Strolling over to Kate, John said, “I don’t think I like this…the blond hair. I never really liked the blond hair/blue eyes combination.”
She laughed, “And they say I’m the picky one. For as much whining as you do about the costume, you love the performance.”

“I just miss the old days, when we could be ourselves,” he explained. A blue and white police cruiser screeched to a halt outside. “Ah! Showtime!” As a pair of uniformed officers stepped out, John checked his watch. “Eight minutes. None of them hit the alarm. Someone must have heard the shots.”

As the police officers approached the door, murky shadows behind the leaded glass, John strode towards the entrance himself. When the first cop moved to open the door, John pulled it open a couple inches, as far as the chain would allow, and poked his gun through. The intrepid officer of the law found himself staring down the barrel of John’s pistol. The officer’s eyes bugged and the robber had a hard time stifling his laugh. “Ah, gentlemen, good of you to come, but I’m afraid I can’t let you in. And I would venture that the poor fellows we’ve got locked upstairs would be in quite a bind if you tried pressing the matter. Best leave well enough alone, eh?”

Practically giggling, he let the door fall shut behind him.
Walking back to Kate, he asked, “Just like St. Louis, huh?”

“Better,” she replied. “Don’t you have to go help Ben?”

He sighed. She was right. Picking up one of the duffels, he started up the stairs to join the others.

“John,” she called. As he turned to face her, she said, “You’re not going to be too hard on them, are you?”

“I must be cruel only to be kind; thus bad begins and worse is left behind.”

She smiled. “You’re such a smartass.”

Grinning back, he replied, “It’s the same as always. They follow the rules, they leave here with nothing more than a great story to tell. They don’t,” he added, waggling his pistol, “they leave a few ounces heavier and significantly more cooperative.”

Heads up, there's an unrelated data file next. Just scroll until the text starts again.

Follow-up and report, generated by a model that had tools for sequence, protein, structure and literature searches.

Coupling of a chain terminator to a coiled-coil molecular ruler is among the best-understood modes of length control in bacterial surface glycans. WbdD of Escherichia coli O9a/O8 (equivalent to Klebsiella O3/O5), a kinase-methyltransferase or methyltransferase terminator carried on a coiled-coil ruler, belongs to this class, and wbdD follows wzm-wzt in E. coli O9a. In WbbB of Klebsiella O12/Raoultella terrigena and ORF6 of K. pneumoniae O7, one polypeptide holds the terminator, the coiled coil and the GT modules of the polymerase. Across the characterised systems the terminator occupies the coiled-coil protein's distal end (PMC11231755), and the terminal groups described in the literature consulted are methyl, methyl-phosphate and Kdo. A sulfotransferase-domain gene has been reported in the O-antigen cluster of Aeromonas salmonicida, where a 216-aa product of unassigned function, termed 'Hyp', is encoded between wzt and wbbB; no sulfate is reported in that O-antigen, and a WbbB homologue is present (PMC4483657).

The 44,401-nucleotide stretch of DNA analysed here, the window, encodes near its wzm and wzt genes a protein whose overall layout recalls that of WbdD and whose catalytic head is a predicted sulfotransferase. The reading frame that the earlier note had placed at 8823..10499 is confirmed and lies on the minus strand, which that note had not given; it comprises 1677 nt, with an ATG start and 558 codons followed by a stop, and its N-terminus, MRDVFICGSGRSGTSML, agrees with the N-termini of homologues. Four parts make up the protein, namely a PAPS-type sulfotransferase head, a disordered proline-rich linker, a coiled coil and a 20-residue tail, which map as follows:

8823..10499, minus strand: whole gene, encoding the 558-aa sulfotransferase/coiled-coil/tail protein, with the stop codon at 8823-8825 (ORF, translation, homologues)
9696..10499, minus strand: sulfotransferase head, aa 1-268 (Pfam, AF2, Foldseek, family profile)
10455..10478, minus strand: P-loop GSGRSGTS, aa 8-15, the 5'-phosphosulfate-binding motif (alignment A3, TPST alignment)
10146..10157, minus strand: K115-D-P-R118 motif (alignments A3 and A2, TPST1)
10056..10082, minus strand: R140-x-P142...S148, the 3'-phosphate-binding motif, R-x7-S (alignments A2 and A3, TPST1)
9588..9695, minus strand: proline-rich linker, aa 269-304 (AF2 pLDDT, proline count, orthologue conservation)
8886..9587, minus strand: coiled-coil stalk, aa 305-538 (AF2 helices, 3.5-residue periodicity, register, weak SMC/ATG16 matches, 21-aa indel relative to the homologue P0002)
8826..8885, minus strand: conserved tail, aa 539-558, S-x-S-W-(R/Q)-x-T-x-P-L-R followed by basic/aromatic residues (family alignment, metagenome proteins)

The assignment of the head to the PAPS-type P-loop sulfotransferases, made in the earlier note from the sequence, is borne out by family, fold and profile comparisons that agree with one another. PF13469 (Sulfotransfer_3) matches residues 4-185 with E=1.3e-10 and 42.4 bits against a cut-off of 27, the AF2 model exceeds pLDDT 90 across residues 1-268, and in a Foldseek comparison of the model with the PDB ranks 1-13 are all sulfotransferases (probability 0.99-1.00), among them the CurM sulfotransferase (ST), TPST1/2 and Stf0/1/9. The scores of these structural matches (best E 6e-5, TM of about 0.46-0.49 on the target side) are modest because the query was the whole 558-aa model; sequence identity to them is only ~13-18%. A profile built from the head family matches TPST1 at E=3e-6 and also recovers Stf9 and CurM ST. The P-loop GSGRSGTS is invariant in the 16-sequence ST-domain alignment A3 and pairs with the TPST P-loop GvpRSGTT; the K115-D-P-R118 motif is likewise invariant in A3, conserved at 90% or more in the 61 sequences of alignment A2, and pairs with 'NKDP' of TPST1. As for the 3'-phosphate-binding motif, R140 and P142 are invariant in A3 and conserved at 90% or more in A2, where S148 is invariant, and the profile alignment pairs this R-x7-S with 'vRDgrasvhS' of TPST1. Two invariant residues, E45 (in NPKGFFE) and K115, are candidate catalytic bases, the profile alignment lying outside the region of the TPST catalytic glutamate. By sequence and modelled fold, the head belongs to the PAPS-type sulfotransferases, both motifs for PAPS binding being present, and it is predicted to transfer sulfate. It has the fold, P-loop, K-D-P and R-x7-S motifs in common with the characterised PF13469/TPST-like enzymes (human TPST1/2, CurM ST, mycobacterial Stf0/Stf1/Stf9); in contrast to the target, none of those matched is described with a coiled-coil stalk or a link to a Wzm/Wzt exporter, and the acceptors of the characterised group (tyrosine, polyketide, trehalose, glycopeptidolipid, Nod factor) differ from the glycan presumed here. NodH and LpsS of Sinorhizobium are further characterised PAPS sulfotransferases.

He bounded up the stairs and found his crew and their charges exactly where he expected, in the bank manager’s office. The curtains were drawn over the windows and the lights were out, lending the room a somewhat surreal indoor twilight mood. The hostages huddled on the far side of the room, about twenty of them. Nearer to the door was a trio of robbers, the rest of the crew. John handed one of them the duffel, “I’ll be down in a second, get set up.” The man nodded and disappeared down the stairs.

With a glance at the hostages, John asked no one in particular, “You get their phones?”

“Yup,” one of the men answered, the driver. “No one’s calling anyone. Cops get here?”

“Yeah, eight minutes.”

“Damn,” the other robber said, Adam, said speaking for the first time. “I was really hoping I would get to ventilate someone.”
Choosing to ignore the comment, John continued. “I’m going to go down and help Ben with the vault. You need anything, use the radio. And Bill,” he added, lowering his voice, “keep an eye on Adam. Don’t let him do anything stupid.”

Bill nodded. “Got it.”

Before leaving, John crossed the room, the hostages parting silently to allow him to pass. He moved the curtain aside to look down at the street as three more police cars pulled up to the building. He turned back to face his compatriots. “We don’t have long before the ESU get here. Contact me when their negotiator calls. As for you,” he said, turning to address the hostages, “be good or be dead are your options. Any of you get in our way, I’ll kill you myself.” Turning back to his partners in crime, “I’m headed down to make sure Ben doesn’t accidentally blow us all to hell. Hold down the fort.”